used to laugh at people who were minimalists.  I thought that I truly needed every stick of furniture, every piece of wall art, every knick-knack, every everything I owned!  I loved “stuff.”  Clothes, shoes, jewelry, kitchenware, furniture … you get the idea.  When I was younger, it didn’t seem to bother me that every time I moved, it took a small army of friends and family (burned that bridge after three moves!) or a big moving van.

Like so many things we adults deal with, it probably stemmed from my childhood.  But in a good way.  My parents didn’t move much, but they always had fully furnished homes.  They had furniture for a living room, family room, dining room (complete with china cabinet that was packed), kitchen eating area, never less than three bedrooms and every room had stuff on the walls, too.  And clothes … don’t get me started!  My parents were clothes horses.

When I moved out on my own, I followed suit (yes, including having several actual suits!).

That all changed thanks to a three-and-a-half-week vacation I took in the late 90s.  I took only enough clothes for one week and did laundry.  I took only the bare necessities for makeup, too.  And just a couple pairs of shoes.

It. Was. WONDERFUL! Suddenly, those crazy people living a minimalist lifestyle didn’t look that crazy.  I realized I could live quite nicely on a handful of good outfits, a couple good pairs of shoes, a few go-to pairs of earrings … let me just say that the second-hand store got some great stuff to sell.

Advertisements

The next part of minimizing what I had came around 2010.  I finally got sick (and tired) of moving so much unused furniture and knick-knacks that paring down was a no-brainer.  I mean, what’s the point in having a fully-furnished home office when (a) I didn’t work from home, (b) I always did my bill paying while sitting on the sofa, and (c) I hated dusting all that stuff!  So, off it went.

The real turning point in my minimalist look at life came when I moved to Gillette in 2012.  I sold everything that wouldn’t fit in my Volvo S60.  All I brought was clothing, toiletries, my computer and a flat screen TV.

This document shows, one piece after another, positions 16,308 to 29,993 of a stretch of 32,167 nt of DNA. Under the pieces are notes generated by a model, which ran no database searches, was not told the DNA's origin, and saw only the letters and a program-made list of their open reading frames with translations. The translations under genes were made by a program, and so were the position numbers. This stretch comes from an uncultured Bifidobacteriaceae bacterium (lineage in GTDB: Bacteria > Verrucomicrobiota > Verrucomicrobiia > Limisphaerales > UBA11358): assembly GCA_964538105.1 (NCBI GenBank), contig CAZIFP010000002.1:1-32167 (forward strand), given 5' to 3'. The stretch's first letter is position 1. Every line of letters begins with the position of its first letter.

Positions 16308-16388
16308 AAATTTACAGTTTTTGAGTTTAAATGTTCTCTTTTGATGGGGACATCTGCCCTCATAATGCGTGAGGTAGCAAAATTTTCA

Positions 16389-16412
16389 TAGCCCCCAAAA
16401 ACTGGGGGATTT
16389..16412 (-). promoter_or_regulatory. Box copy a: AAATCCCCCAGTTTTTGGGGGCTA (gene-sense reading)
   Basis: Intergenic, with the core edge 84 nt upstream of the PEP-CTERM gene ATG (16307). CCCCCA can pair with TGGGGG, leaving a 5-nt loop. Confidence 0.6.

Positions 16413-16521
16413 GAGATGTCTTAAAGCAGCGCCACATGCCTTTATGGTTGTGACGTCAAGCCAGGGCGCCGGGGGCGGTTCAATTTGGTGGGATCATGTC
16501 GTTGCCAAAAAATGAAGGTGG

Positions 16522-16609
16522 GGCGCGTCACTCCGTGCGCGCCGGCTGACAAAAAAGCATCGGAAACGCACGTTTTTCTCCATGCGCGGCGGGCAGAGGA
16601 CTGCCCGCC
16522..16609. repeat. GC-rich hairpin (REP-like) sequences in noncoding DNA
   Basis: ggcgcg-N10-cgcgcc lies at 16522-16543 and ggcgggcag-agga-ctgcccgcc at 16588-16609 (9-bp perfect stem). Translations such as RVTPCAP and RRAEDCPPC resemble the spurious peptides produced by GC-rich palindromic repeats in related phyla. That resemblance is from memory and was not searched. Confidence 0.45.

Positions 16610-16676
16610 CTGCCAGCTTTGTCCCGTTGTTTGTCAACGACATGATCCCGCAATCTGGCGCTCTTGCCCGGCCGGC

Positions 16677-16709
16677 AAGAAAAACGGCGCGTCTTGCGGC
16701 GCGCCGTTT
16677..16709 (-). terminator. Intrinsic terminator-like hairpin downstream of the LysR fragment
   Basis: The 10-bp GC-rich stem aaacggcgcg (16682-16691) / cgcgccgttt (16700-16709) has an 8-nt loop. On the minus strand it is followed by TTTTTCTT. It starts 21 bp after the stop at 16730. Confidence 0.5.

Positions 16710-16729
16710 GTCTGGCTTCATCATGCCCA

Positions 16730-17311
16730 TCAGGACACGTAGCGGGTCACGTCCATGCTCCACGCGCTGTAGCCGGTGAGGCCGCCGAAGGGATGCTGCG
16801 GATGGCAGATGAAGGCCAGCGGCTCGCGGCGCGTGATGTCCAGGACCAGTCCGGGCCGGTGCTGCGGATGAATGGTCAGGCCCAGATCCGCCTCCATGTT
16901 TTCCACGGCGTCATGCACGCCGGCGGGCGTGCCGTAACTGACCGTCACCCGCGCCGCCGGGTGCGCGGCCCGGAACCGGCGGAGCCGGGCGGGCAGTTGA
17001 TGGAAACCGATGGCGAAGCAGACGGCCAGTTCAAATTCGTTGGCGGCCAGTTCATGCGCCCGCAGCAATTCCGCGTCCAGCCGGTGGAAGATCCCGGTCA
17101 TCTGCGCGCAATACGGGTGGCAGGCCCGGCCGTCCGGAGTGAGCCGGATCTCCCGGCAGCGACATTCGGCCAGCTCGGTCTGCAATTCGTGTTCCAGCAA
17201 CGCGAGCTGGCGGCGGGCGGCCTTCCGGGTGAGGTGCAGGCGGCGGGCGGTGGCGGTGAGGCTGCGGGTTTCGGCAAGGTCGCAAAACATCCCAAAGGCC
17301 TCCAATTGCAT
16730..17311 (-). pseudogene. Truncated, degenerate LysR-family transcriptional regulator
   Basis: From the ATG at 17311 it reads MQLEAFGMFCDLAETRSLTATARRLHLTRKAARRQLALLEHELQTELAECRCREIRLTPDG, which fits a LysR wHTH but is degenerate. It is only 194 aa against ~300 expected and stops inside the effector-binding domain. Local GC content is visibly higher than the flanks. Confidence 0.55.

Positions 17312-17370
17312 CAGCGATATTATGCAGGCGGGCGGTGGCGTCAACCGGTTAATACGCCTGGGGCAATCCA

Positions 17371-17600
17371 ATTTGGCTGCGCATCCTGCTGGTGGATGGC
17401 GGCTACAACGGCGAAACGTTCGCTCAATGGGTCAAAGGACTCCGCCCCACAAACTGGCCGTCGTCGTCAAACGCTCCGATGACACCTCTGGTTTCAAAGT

The euphoria that came with shedding all of the unnecessary “stuff” I had was even better than cleaning out my wardrobe. 

To me, minimalism is the only way.

Once here, and because I’m too old to sleep and sit on the floor, I only bought a few basic pieces.  While my two-bedroom apartment looked empty, it felt perfect to me (still don’t remember why I rented a two-bedroom, though.)

When I got ready to move back to Colorado 19 months later, guess what?  I donated that furniture to a charity in Gillette. 

And, because I seem to be a nomad at heart, when I moved back to Gillette last year, I repeated the process.  I only brought what fit in my car.  Now, to be honest, it was what fit in my 2-door Jeep and my friend’s small SUV, but still … there wasn’t any furniture, and no television this time.

To me, minimalism is the only way.  When I find a place to buy, it will be cozy, quaint and small.  I would challenge you to take a really good look at the “stuff” you own.  When was the last time you used it, wore it, sat on or at it?  Maybe it’s time to donate your extraneous items and let someone else enjoy them for a while.

Not only will your space be less crowded, but your wallet will be fuller.

Minimalists unite!

By: Lisa A. Shrefler

Leave a comment